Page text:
Understanding Jealousy — and How to Fix It

By on Nov 30, 2022

Relationships are complicated, but mostly because we don’t listen to the signals in those relationships. Jealousy is one very important signal we ignore, vilify and misunderstand. It is important, so pay attention.

Very simply, jealousy is the fear that we’re losing something. We love someone, and we don’t want to lose them. Whenever there’s the whiff that we might lose part of that other person, jealousy appears.

We’re not jealous because we inherently want to possess and own the person we love, however. Jealousy is not actually possessiveness. Possessiveness is a different problem. We are possessive because we have been told that there’s a harsh choice to make: Either we have the person or someone else does. There can’t be two. So we become possessive because if there’s only going to be one, we want it to be us. Possessiveness is the problem of having an “us versus them” mentality.

Jealousy is different. Jealousy doesn’t come from fighting over cake, it comes from the thought of losing cake. If the cake is really big, we all can have cake. We know this intuitively from healthy friend and family relationships. Mom doesn’t choose between her children. Likewise, good friends who have other friends are not a problem unless they start choosing one friend over another.

Loss is the problem, and that’s what jealousy is about. Jealousy is a loss meter. It isn’t limiting people or telling them to choose among their relationships, it is watching out for the strength of the relationship. We need to respect this meter in each of our relationships, because there is no jealousy in a really strong relationship. The appearance of jealousy is a sign that the relationship might be weakening, or the other person is taken for granted, or there is poor communication, or someone in the relationship thinks a choice between two people must be made.

Every deep relationship encounters jealousy at some point. There’s no shame in being jealous, even if the jealousy is unfounded. Jealousy just is a signal. The problem is not responding to that signal. If you love someone, you will respect their jealousy and work with them until the jealousy is gone;  why would you put them through those agonizing knots of jealousy? Why would you ignore such vital relationship signals?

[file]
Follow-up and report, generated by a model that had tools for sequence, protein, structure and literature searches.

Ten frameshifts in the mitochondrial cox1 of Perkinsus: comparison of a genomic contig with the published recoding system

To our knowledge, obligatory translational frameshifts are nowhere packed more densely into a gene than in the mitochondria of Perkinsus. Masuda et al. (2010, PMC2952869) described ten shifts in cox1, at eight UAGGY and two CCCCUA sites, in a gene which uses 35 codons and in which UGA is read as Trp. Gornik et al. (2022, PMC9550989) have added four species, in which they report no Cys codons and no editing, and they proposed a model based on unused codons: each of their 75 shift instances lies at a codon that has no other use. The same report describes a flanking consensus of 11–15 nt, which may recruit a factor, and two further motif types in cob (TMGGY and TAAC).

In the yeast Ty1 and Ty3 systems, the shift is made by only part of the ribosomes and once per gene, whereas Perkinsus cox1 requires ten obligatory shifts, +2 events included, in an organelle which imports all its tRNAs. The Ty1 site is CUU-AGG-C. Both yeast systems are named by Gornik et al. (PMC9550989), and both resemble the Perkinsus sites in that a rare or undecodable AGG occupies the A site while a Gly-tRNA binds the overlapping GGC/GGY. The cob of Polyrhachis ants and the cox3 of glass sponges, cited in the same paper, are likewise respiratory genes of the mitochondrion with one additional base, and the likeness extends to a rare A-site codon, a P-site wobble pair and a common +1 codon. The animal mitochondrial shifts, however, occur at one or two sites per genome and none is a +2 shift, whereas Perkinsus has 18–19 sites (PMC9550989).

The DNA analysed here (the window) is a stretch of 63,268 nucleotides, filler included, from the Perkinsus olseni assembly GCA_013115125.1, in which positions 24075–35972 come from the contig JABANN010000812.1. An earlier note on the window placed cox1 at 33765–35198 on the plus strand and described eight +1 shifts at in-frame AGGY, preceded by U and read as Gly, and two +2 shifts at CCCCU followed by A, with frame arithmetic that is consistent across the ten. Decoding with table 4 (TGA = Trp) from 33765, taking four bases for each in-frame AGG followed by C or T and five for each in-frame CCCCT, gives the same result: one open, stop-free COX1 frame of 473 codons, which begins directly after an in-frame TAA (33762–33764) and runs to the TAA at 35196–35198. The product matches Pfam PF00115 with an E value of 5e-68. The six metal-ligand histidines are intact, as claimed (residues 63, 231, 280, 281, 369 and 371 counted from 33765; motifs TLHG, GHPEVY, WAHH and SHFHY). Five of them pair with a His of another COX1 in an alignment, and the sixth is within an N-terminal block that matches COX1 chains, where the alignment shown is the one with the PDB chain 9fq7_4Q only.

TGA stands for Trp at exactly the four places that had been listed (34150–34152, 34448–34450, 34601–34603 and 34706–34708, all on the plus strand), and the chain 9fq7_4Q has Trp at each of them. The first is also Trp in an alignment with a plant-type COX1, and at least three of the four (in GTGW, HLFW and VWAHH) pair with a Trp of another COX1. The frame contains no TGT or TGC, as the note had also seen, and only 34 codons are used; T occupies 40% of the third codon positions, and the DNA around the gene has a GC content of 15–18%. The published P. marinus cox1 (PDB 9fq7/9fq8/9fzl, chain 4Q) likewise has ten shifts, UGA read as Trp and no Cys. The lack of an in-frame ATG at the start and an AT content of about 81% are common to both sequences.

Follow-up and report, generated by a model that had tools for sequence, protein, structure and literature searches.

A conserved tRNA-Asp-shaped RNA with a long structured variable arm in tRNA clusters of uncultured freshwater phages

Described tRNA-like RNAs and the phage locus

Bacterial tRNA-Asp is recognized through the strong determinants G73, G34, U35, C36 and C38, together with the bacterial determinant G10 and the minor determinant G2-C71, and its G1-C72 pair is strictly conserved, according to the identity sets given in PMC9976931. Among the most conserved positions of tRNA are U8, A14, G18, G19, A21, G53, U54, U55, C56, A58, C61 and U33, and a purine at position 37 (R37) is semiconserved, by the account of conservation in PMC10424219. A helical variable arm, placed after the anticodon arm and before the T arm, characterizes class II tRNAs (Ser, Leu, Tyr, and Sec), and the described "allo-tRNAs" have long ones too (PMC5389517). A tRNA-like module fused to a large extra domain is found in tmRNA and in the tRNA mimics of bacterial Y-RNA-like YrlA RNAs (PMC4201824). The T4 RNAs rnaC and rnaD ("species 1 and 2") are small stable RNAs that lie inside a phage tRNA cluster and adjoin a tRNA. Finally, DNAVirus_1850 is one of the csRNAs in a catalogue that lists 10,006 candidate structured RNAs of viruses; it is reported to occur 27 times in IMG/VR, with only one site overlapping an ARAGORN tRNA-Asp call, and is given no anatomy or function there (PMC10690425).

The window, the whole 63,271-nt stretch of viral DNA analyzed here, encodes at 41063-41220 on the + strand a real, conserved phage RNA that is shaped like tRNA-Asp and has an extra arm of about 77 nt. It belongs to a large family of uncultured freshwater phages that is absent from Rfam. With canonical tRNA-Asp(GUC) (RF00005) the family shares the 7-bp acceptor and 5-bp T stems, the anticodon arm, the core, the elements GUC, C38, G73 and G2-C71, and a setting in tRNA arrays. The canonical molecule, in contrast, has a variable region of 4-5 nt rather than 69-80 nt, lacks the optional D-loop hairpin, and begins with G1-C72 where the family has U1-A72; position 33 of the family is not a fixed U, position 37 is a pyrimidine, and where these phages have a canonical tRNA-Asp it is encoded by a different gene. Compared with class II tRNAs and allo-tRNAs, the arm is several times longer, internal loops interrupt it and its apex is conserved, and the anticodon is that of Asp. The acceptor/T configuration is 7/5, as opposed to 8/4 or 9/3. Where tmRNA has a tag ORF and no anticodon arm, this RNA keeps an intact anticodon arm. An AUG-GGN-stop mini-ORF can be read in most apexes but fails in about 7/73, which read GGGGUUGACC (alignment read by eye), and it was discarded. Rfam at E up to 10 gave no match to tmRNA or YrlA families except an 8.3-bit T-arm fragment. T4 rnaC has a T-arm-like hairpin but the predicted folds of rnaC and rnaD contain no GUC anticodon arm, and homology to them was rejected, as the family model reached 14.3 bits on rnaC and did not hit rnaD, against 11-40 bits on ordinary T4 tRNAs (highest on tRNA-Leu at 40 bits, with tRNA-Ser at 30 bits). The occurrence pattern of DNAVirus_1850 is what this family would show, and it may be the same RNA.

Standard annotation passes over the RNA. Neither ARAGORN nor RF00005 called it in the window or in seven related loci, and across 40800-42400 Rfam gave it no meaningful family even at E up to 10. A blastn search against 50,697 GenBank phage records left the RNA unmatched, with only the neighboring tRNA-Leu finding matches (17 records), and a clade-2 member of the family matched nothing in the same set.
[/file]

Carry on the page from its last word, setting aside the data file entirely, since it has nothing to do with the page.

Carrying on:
If you find yourself jealous, it is important to candidly and lovingly share the jealousy. You might be in sync with the other person, but that doesn’t make them a mind-reader. Maybe they noticed your discomfort but were unsure about the signs and too busy to follow up?

Likewise, your responsibility is to work with the other person and change behavior as needed when someone else is jealous. Maybe the jealousy comes from miscommunication? Maybe it is revealing the problem of possessiveness? Perhaps there is a weakening of the relationship? Whatever the cause, a fix is needed. Don’t ignore it.

Jealousy can be a cancer, but really it just is a signal. It becomes a cancer when ignored, treated as possessiveness or vilified. Let it come into your life, handle it early, and watch it leave as quickly as it came.

For help putting this technique into practice, contact us for individual relationship coaching.


Peter is founder of Kowalke Coaching. He also is founding director of the Philia Mission, a small charitable organization. Contact Peter.